min

ð1−X min ÞSEMDG 2ð1−SL1695 −SEMDG Þ

min

XEMDG −

min

ð1−XEMDG Þ−

ð6Þ

and CL1695 = X

min

ð1−X min ÞSL1695 2ð1−SL1695 −SEMDG Þ

ð7Þ

where CL1695 and CEMDG indicate the weight of sucrose laurate and ethoxylated mono-di-glyceride at the water–mixed oils interface, Xmin is the minimum weight fraction of mixed surfactants capable of solubilizing equal amounts of water and mixed oils in the micromin emulsions, XEMDG is the minimum weight fraction of the lipophilic surfactant (in our case the ethoxylated mono-di-glyceride) corresponding to Xmin. CL1695 + CEMDG is the weight fraction of total surfactants in surfactants monolayer at the water–mixed oil interface inside the mixed surfactants microemulsion system and is directly related to the net maximum solubilizing power of the mixed surfactants. The value of CL1695 + CEMDG is much smaller than the CL1695 and CEMDG in single surfactant based system, which indicates that the mutual solubilization of water and mixed oils increases due to the mixing of surfactants. At equal amounts of water and mixed oils the values of CEMDG/(CL1695 + CEMDG) depend on the surfactants mixing Table 1 Mixing fractions of ethoxylated mono-di-glyceride at the water–mixed oils interfaces in the water/sucrose laurate/ethoxylated mono-di-glyceride/peppermint oil/isopropylmyristate systems at 25 °C for different mixing ratios (w/w) of peppermint oil/ isopropylmyristate and for ethoxylated mono-di-glyceride/sucrose laurate mixing ratio (w/w) equals unity. MNT /IPM mixing ratio (w/w)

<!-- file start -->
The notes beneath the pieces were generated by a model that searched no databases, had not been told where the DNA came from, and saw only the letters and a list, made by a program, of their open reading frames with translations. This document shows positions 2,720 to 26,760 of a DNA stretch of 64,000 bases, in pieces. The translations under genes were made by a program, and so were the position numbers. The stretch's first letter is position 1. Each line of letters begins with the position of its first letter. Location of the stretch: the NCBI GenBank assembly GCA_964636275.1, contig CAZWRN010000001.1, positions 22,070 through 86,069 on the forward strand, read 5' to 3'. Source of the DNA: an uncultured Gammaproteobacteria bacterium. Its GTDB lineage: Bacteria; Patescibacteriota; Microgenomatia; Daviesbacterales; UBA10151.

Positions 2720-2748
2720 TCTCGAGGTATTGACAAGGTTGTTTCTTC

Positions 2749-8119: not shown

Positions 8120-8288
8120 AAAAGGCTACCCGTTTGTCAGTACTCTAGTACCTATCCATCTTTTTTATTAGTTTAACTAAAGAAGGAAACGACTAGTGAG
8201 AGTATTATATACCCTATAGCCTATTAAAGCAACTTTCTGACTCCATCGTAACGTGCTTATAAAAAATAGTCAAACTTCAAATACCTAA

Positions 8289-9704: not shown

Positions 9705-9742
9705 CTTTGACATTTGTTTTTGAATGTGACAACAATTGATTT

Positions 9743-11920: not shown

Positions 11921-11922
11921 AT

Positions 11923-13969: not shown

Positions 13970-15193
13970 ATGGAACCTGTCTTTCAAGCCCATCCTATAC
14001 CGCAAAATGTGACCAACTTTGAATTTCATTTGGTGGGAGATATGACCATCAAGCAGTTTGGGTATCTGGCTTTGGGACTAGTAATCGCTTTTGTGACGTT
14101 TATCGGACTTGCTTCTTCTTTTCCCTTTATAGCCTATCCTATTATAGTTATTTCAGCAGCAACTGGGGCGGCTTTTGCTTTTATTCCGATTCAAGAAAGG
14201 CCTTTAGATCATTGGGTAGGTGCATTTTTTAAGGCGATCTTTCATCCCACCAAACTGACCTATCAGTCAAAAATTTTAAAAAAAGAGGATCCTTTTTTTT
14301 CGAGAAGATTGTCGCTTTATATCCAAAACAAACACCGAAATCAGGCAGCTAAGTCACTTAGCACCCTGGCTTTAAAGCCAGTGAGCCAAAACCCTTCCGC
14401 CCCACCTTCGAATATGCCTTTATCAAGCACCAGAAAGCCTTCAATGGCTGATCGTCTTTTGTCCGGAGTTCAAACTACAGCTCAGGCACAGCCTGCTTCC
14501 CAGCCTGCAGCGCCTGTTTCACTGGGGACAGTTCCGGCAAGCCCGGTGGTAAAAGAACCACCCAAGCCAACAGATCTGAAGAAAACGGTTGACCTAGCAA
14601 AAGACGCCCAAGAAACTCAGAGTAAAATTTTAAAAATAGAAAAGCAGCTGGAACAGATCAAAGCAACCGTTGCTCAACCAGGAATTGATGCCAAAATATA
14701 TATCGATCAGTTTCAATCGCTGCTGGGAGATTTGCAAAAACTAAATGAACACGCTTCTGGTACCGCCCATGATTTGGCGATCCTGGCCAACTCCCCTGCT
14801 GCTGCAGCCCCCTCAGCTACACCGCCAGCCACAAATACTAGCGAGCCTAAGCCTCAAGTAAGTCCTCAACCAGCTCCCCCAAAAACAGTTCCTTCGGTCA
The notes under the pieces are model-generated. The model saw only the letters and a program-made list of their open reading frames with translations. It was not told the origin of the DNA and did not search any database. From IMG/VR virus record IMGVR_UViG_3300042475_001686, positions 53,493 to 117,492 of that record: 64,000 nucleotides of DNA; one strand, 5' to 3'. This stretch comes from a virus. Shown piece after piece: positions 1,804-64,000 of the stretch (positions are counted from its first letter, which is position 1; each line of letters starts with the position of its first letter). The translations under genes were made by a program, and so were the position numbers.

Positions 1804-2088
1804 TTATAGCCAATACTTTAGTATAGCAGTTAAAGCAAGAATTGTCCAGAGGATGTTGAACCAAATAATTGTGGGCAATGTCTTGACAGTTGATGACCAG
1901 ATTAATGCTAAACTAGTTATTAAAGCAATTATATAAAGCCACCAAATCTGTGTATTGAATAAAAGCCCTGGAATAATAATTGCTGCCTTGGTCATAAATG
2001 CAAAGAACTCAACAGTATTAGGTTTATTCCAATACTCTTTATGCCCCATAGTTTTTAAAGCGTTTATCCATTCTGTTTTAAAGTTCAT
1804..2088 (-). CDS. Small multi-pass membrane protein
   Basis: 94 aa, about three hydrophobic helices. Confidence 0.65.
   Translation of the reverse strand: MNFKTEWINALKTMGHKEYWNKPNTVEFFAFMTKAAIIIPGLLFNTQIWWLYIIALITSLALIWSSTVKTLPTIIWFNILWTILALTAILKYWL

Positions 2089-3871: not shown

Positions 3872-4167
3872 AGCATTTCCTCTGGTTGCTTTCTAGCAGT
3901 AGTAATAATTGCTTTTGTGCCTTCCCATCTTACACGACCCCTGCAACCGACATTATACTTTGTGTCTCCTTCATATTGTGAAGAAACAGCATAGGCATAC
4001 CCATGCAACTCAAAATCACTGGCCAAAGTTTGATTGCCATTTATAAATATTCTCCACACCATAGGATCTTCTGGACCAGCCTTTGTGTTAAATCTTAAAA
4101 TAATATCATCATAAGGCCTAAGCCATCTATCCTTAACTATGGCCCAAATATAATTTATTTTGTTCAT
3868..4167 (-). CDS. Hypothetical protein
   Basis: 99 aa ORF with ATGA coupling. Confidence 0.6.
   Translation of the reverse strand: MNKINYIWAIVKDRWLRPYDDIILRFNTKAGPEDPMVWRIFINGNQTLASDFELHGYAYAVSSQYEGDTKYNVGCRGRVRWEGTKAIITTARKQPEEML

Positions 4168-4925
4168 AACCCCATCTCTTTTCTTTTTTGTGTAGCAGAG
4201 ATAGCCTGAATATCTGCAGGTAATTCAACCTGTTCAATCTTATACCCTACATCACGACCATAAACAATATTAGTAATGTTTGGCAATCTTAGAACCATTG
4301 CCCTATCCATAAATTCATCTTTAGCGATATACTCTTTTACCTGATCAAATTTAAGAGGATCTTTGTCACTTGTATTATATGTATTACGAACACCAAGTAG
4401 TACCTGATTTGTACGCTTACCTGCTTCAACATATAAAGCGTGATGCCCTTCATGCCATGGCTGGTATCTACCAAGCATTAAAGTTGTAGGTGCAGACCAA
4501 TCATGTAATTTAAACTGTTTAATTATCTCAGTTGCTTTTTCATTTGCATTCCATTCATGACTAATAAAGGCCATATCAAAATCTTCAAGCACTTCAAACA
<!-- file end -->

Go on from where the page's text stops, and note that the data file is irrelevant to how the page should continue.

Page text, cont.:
CEMDG/(CL1695 + CEMDG)

S SEMDG

1/2 1/1 2/1 3/1

0.150 0.240 0.243 0.243

0.148 0.240 0.243 0.243